Jason Micheli is a reader-supported publication. To receive new posts and support my work, consider becoming a free or paid subscriber.
The upcoming Old Testament lectionary text for the last Sunday of Lent is from the Leviticus of the prophets, the Book of Ezekiel.
It’s not as random as it might strike you: Matthew reports two earthquakes in his Gospel. Upon the death of Christ on Golgotha, the earth quivered in Easter anticipation, trembling like a woman in labor Three days later the resurrection tips the Richter scale again, Matthew says. This connection between resurrection and earthquakes originates in the graveyard the Lord reveals to the prophet Ezekiel in perhaps the Old Testament’s most important passage.
The Lord brings Ezekiel into the middle of a valley strewn with bones. Dry bones. Bones detached from the bodies to which they once belonged. Bones beyond any possibility of identification or reclamation. The Lord informs Ezekiel that the many anonymous and forgotten bones in this mass tomb are the whole House of Israel. That is, the entirety of the People of God. In other words, you and me.
The hopeless, meaningless valley of the bones is our common fate.
Apart from the mighty work of God.
Easter begins at the grave.
The Lord leads Ezekiel all around the valley of the bones before asking him, “Tell me, mortal, can these bones live?” Ezekiel— he honestly does not know the answer, “O Lord God, only you know.” And the Lord promises Ezekiel that there will be a ra’ash, a rattling of the earth, when the answer to the question comes upon us.
Can these bones live?
Does life have any other point but its own refutation?
The theologian Robert Jenson, writes that all of scripture and the whole of the Christian message can be distilled down to the question God poses to Ezekiel in the boneyard and whether or not God has answered his own question by raising Jesus Christ from the dead.
Easter begins at the grave.
And because Easter begins at the grave so too does the Gospel begin there because the Gospel is God’s answer to his question, “Tell me, mortal, can these bones live?”
I was working double duty both as a pastor and as a hospital chaplain at UVA, where one of my responsibilities was to accompany shocked and freshly grieved strangers to meet the bodies of their loved ones.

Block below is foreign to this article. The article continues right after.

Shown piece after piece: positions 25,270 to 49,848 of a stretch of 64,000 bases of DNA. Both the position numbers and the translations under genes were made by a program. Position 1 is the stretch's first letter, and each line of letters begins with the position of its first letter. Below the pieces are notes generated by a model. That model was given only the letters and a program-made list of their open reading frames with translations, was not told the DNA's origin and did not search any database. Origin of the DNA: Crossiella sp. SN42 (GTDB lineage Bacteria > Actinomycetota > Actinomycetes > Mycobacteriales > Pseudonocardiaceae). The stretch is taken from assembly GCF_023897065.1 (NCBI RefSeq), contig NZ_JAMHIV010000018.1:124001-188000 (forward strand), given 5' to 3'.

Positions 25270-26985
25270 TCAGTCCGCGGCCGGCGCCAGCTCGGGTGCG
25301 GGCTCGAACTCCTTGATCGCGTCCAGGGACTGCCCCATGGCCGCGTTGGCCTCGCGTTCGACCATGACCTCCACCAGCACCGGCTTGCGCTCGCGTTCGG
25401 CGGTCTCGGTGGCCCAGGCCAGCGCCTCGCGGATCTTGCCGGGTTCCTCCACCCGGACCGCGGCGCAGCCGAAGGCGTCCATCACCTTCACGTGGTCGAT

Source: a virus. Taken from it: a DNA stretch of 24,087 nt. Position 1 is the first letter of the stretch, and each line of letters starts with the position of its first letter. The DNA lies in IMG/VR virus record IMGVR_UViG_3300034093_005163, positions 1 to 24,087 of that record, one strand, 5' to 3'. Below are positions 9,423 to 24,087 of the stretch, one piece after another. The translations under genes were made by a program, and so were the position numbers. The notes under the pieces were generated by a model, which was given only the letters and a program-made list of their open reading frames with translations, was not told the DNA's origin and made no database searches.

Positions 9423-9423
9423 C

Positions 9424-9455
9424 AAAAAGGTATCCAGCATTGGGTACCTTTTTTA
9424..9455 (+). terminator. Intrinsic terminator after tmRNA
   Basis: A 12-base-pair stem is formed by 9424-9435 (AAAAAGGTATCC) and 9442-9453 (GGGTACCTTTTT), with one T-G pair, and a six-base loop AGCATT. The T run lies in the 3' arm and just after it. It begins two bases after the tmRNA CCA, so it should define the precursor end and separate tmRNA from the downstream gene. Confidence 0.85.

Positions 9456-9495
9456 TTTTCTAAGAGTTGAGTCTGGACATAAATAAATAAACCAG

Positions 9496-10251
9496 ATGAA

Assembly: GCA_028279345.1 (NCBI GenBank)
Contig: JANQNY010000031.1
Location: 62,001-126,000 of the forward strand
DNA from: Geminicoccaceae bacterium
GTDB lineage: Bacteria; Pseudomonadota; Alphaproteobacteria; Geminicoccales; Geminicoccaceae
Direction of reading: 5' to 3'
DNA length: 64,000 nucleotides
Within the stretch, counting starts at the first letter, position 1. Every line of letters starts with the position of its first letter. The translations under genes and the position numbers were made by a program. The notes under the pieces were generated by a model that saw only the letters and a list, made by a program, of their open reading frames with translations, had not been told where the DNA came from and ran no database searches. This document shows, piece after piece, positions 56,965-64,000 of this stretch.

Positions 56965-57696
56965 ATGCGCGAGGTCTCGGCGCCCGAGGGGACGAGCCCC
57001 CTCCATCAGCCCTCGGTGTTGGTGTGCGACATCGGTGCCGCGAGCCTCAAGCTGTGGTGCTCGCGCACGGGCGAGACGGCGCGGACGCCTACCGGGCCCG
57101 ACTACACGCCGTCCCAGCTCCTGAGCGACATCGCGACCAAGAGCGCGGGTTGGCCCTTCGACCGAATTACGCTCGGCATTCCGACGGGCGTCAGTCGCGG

One winter night, in the middle of an overnight shift, I was paged to go and meet a mother who’d arrived to see— view— her daughter.
She was waiting at the security desk when I found her.
Her mascara had already streaked down her cheeks and dried in the lines of her face. I noticed she hadn’t put any socks on and she’d put her sweater on backwards.
“I don’t know what she was doing out this time of night,” she kept whispering to herself.
A resident doctor, a med student no older than I was at the time, accompanied us. She’d been the one who’d attended her daughter when the rescue squad brought her in from the accident.
The three of us walked soberly to a tiny, antiseptic room. When the mother saw her daughter, she immediately lost her footing. And then she lost her breath. Then after a long, stretched-out moment, she let out a bone-racking sob. I had my arm around her to comfort her and keep her from falling, but I didn’t say anything.
The med student, though, was clearly unnerved by the rawness of the mother’s grief and by the absence of any words. She put her hand on the mother’s shoulder and looked over at the teenage girl lying on the metal bed with flecks of dried blood not all the way wiped from her hair and forehead and said: “It’s alright. She’s not here. She’s slipped away. That’s just a shell…”
I’d known instantly it was the wrong thing to say, that it rang tinny and false and was completely inadequate for the moment.
Nonetheless, it surprised me when she pushed the doctor away and slapped her hard across the face and cried: “It’s NOT alright. That’s my daughter. She’s not just anything. She’s Beth.”